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Monday, May 1, 2017
- Gated residential communities on the Paraná Delta have sprawled out of control in recent years, and are plugging up the local ecosystem and preventing the natural runoff of water that cushions the impact of floods in a vast area near the Argentine capital.
The problem was particularly highlighted after the tragic flooding in early April in the city of Buenos Aires, and especially in La Plata, the capital of the province of Buenos Aires, where torrential rains caused the death of almost 60 people.
The real estate construction boom, the lack of infrastructure such as storm drains to cope with increasingly frequent and heavy rains, and the lack of contingency plans in response to disasters are now at the centre of debate in Argentina.
The Paraná river delta is an immense wetland covering 17,500 square kilometres in the lower course of the nearly 5,000-kilometre long Paraná river, which divides into a labyrinth of smaller branches before flowing into the Río de la Plata estuary.
Traditional houses on the islands of the delta are built on stilts, have wooden jetties and are surrounded by reed beds. They coexist harmoniously with an ecosystem that is prepared periodically to receive large amounts of floodwater.
It is an area of high biodiversity which also provides many environmental services. The most outstanding are provision of water and the capacity to regulate the river’s floods, which are becoming more frequent and intense due to climate change caused by global warming.
In recent years, however, 229 housing developments of different sizes have been built on the floodplains of the delta, most of them with luxury homes, golf courses, tennis courts, shopping centres, schools and horse-riding centres.
Town planners said that about 90 percent of these developments were built on floodplains subject to overflow from rivers and streams, and 10 percent on silt islands that were artificially levelled or filled in to support the residential complexes.
Daniel Blanco, the head of Fundación Humedales (Wetlands Foundation), told IPS in an interview that the building expansion was “very aggressive.” Now the area is at risk of losing its natural capacity to absorb water, just as storms are becoming more intense.
Experts with the NGO, which works for the conservation and sustainable use of wetlands, say that under the false pretext that the land is unproductive, real estate projects went ahead with levelling, draining and diverting water courses, affecting the natural functions of the wetland.
“They are trying to convert the place into a dryland system,” complain the authors of “Bienes y servicios ecosistémicos de los humedales del Delta del Paraná” (Ecosystem Goods and Services in the Paraná Delta Wetlands), a study that warns of the risk of flooding in adjacent areas.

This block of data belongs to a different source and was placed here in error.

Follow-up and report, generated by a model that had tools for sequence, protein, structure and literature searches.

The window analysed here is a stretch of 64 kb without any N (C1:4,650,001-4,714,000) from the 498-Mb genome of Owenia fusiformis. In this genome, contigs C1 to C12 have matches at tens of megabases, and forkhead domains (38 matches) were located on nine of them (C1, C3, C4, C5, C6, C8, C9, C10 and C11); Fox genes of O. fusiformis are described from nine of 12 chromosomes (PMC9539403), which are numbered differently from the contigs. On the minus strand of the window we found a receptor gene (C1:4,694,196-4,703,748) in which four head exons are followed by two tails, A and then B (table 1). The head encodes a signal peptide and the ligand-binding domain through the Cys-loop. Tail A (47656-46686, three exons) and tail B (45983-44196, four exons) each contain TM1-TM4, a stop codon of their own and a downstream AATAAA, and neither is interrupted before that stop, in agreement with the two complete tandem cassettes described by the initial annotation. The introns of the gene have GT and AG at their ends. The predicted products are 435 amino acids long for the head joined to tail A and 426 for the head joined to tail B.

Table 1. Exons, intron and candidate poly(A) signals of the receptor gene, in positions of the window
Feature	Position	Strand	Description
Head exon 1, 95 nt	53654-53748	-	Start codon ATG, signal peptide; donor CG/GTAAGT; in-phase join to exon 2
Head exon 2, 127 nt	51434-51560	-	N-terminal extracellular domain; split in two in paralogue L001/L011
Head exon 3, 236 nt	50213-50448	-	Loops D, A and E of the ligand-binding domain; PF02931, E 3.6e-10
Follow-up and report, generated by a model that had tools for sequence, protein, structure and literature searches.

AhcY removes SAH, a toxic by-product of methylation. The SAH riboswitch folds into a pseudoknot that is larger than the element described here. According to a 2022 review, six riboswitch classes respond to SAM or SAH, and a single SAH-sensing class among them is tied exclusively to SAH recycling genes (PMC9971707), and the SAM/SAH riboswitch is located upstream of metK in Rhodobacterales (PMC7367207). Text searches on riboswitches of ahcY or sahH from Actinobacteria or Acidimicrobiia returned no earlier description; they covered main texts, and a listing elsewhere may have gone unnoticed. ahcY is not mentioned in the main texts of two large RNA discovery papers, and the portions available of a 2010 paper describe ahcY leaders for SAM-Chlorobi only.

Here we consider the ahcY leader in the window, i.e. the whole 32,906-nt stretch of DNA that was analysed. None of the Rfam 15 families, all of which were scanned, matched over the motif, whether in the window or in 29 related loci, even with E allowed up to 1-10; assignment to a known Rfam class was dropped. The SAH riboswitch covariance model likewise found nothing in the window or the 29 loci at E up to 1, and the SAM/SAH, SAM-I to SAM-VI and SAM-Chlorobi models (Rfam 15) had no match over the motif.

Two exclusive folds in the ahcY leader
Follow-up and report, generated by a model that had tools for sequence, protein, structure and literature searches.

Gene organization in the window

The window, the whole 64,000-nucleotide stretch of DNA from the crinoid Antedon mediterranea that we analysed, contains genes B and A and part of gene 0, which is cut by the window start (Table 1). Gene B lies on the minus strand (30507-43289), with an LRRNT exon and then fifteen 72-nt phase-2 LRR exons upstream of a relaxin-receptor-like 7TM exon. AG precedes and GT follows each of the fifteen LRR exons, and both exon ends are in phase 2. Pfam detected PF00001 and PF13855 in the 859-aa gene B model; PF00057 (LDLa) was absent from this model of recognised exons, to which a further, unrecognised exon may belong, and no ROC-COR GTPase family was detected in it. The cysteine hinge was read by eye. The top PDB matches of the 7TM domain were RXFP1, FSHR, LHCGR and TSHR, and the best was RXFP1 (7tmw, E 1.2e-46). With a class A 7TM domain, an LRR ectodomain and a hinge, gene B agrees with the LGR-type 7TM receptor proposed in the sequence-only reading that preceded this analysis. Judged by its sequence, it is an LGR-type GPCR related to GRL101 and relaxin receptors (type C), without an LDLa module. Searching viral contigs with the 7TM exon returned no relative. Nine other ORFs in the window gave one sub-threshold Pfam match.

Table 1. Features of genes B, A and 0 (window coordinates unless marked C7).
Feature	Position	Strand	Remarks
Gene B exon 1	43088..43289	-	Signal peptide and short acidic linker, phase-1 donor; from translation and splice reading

The study, by Patricia Kandus, Natalia Morandeira and Facundo Schivo of Fundación Humedales, indicates that the delta ecosystem does not prevent flooding, but cushions the rise of the river level, retains part of the volume, filters the water and releases it slowly thanks to its plant cover which acts like a sponge.
Warnings from environmentalists and local residents, added to the severe impact of heavy rains in the Buenos Aires metropolitan area, managed to block some investment projects, and have led to progress in regulating new building on the islands.
One of the projects brought to a halt is Colony Park, which promised “a private island of peace and tranquillity” on 300 hectares of the Delta del Tigre, the lowest-lying section of the wetlands, in the northeast of the province of Buenos Aires. According to its promotional advertising, the building of 1,000 “luxury” dwellings was planned.
Due to the controversy generated by the project, as well as a lawsuit brought by residents, in 2012 the municipality of Tigre with the help and expertise of environmental organisations drew up stricter planning regulations for building on the islands in that district.
Acknowledging the fragility of the delta ecosystem, the new regulations require buildings to be constructed on stilts, forbid the alteration of the natural elevation of the islands – which usually grow by accumulating sediment – and ban artificial filling in of the centre of the islands.
The islands of the delta are normally bowl-shaped, with a hollow in the centre that contributes to retaining excess floodwater. But these hollows were being filled in to raise the elevation and avoid flooding the building site.
In Campana, another municipality of Buenos Aires, a local association, Vecinos del Humedal, got a temporary stay against a residential development planned for 40,000 people on the Luján river, one of the delta tributaries.
Alejandro Fernández, a member of the association, told IPS that local people got together to resist the project in their area, where several gated communities are already causing flooding in the surrounding areas.
In late October a heavy storm caused the level of the Paraná river to rise by nearly five metres, creating severe flooding not only along the riverside but also in the centre of the city of Luján, where the floodwater reached the basilica, an international tourist attraction.
“All along the Luján river, the building of private complexes has been allowed on the floodplains that alter the natural ebb and flow of the river. If they cap a virtually flat area with cement, they create a serious problem,” Fernández said.
“Then when the floods come, political leaders clutch their heads, but they were the ones who signed off on the permits for those real estate projects without proper urban planning,” he said.